Girls Soccer Players Against Title IX
Maybe that headline might be a bit of an oversimplification, but it’s hard to come to any other conclusion after reading an article that appeared this weekend in Five Boro Sports about how a lawsuit filed by the New York Civil Liberties Union on behalf of just three Soccer players is going to force the entire city to switch their season from Spring to Fall — a switch that’s going to create all sorts of problems when it comes to fields and scheduling.
As it turns out, though the NYCLU trumpeted its suit as a victory for girls, a reporter who actually spent some time talking to those same Soccer players discovered that there was absolutely no support for the switch:
One of the big topics of conversation at the 16th annual Queens Kiwanis Cup girls’ soccer tournament Saturday afternoon was that it would be the final one ever. Because the PSAL girls’ soccer season will be moving from the spring to the fall starting in September, there will not be enough time or field space to hold the event.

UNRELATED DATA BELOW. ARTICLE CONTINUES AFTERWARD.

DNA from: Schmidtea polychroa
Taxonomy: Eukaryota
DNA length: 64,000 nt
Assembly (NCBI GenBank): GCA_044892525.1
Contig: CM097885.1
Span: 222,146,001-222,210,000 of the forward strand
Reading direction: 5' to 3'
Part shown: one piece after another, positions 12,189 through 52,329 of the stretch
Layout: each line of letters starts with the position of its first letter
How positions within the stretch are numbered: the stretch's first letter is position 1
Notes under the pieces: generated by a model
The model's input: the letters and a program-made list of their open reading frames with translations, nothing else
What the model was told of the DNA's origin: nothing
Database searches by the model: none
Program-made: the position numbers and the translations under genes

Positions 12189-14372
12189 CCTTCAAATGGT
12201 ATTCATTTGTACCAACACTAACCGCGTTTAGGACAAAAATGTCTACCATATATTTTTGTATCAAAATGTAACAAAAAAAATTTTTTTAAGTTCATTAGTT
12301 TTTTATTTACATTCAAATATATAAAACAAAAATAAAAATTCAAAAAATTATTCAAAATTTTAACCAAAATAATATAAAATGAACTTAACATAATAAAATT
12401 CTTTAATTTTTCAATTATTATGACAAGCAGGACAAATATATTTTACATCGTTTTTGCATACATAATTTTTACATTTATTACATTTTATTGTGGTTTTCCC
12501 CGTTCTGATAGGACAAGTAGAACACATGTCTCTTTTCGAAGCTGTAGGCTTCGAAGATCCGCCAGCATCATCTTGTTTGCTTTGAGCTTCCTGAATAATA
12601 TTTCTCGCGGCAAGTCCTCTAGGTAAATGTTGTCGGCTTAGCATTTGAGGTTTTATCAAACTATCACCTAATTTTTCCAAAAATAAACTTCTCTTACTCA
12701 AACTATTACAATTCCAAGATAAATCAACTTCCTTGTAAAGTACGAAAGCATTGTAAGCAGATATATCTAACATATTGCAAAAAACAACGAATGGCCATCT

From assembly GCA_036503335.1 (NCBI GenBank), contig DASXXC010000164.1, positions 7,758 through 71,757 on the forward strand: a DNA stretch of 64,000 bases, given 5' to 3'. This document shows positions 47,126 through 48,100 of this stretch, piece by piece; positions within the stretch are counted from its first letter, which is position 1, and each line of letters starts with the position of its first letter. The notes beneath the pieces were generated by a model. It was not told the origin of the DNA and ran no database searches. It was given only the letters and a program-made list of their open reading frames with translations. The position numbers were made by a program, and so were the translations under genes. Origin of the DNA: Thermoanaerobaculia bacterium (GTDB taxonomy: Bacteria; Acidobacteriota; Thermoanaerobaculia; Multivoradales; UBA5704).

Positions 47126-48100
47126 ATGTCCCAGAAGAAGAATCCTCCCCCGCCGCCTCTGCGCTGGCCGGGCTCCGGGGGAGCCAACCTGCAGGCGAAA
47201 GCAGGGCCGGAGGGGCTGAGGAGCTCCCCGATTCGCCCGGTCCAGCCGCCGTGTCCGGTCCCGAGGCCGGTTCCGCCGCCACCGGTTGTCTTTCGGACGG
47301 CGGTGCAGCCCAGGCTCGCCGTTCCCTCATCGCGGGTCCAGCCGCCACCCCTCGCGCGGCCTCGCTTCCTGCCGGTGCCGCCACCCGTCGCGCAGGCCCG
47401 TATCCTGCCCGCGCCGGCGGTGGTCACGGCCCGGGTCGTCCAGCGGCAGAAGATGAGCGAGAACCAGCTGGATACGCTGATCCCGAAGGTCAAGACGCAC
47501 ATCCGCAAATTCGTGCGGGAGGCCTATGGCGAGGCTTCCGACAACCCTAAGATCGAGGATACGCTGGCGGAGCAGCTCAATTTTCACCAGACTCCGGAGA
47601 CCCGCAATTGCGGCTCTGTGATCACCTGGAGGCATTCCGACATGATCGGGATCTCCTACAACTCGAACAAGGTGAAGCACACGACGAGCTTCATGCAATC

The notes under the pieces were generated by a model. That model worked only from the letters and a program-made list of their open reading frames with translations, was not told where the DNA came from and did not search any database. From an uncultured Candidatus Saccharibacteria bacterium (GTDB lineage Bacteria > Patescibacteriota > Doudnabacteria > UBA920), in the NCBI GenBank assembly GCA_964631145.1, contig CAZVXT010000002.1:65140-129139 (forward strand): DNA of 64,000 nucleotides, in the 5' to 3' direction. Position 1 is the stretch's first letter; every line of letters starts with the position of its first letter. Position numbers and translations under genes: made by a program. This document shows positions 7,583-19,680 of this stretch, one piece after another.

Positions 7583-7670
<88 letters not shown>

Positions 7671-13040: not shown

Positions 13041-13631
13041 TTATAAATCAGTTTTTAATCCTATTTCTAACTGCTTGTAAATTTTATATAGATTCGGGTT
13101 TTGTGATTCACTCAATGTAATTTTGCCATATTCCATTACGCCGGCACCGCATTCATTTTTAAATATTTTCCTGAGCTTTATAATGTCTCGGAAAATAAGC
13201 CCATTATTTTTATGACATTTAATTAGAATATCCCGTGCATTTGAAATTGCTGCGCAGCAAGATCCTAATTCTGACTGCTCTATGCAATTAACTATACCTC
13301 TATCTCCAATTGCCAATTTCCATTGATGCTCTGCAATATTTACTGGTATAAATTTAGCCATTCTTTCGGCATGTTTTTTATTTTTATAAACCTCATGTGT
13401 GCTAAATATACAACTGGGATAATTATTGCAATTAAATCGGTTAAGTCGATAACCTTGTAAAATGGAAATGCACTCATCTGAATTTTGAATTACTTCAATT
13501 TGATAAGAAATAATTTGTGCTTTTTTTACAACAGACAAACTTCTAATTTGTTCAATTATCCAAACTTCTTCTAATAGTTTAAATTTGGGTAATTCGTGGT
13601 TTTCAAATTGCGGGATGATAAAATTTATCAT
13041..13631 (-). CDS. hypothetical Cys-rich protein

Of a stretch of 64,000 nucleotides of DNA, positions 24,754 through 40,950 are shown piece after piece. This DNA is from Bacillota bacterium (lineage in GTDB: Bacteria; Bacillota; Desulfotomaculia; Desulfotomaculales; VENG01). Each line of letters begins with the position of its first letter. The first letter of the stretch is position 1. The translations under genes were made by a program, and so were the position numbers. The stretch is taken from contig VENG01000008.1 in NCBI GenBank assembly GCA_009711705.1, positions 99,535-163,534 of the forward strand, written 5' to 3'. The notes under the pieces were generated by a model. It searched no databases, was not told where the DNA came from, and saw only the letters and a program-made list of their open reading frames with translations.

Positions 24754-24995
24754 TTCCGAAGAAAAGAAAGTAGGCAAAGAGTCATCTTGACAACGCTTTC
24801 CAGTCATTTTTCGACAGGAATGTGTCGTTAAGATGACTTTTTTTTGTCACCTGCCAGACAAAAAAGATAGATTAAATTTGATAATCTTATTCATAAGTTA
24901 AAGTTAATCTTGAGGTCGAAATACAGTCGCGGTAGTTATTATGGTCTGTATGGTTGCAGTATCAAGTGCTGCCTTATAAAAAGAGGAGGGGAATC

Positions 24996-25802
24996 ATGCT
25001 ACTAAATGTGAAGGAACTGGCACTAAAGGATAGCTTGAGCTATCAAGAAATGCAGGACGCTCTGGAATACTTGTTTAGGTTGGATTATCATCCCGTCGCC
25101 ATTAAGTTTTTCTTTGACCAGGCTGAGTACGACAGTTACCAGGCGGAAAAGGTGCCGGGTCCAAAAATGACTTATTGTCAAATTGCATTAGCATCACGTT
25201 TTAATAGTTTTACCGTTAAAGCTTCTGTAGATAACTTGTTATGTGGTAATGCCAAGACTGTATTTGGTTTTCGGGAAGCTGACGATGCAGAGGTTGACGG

In response to the unpopular switch, which became official when the Department of Education signed a deal with the New York Civil Liberties Union in January, players at the Kiwanis Cup wore black armbands.
“It’s an honor of something dying,” said Forest Hills coach Bob Sprance, whose school hosted the tourney. “The spring season is dying.”
Why is that happening? In short, there simply aren’t enough fields to accomodate everyone in the Fall:
Fearing litigation, the DOE signed a deal with the NYCLU and the switch will take effect for the 2009 fall season. There seem to be more people against it than for it, though. Sprance, with the help of other coaches, has distributed surveys to many girls’ and boys’ soccer players across the city and he says he has 2,000 of them at his home that are against the change.
God forbid anyone ask these kids or their parents what they actually want. Instead, a small knot of activists get to dictate terms to 1,600 other players.
“I don’t think it’s fair,” Newtown senior Kathy Cano said. “We’re the players. Why shouldn’t we get a say?”
Added Forest Hills junior Dalila La Commare: “We don’t have enough field space, we don’t have enough referees. We’re missing a lot of things.”
Sprance announced Saturday that he’s organizing a protest for May 20 at City Hall. He’s asking for girls’ soccer, boys’ soccer and football players to come out and wear their uniforms. Football will also be affected, because girls’ soccer will probably have to be played on weekends due to the lack of space.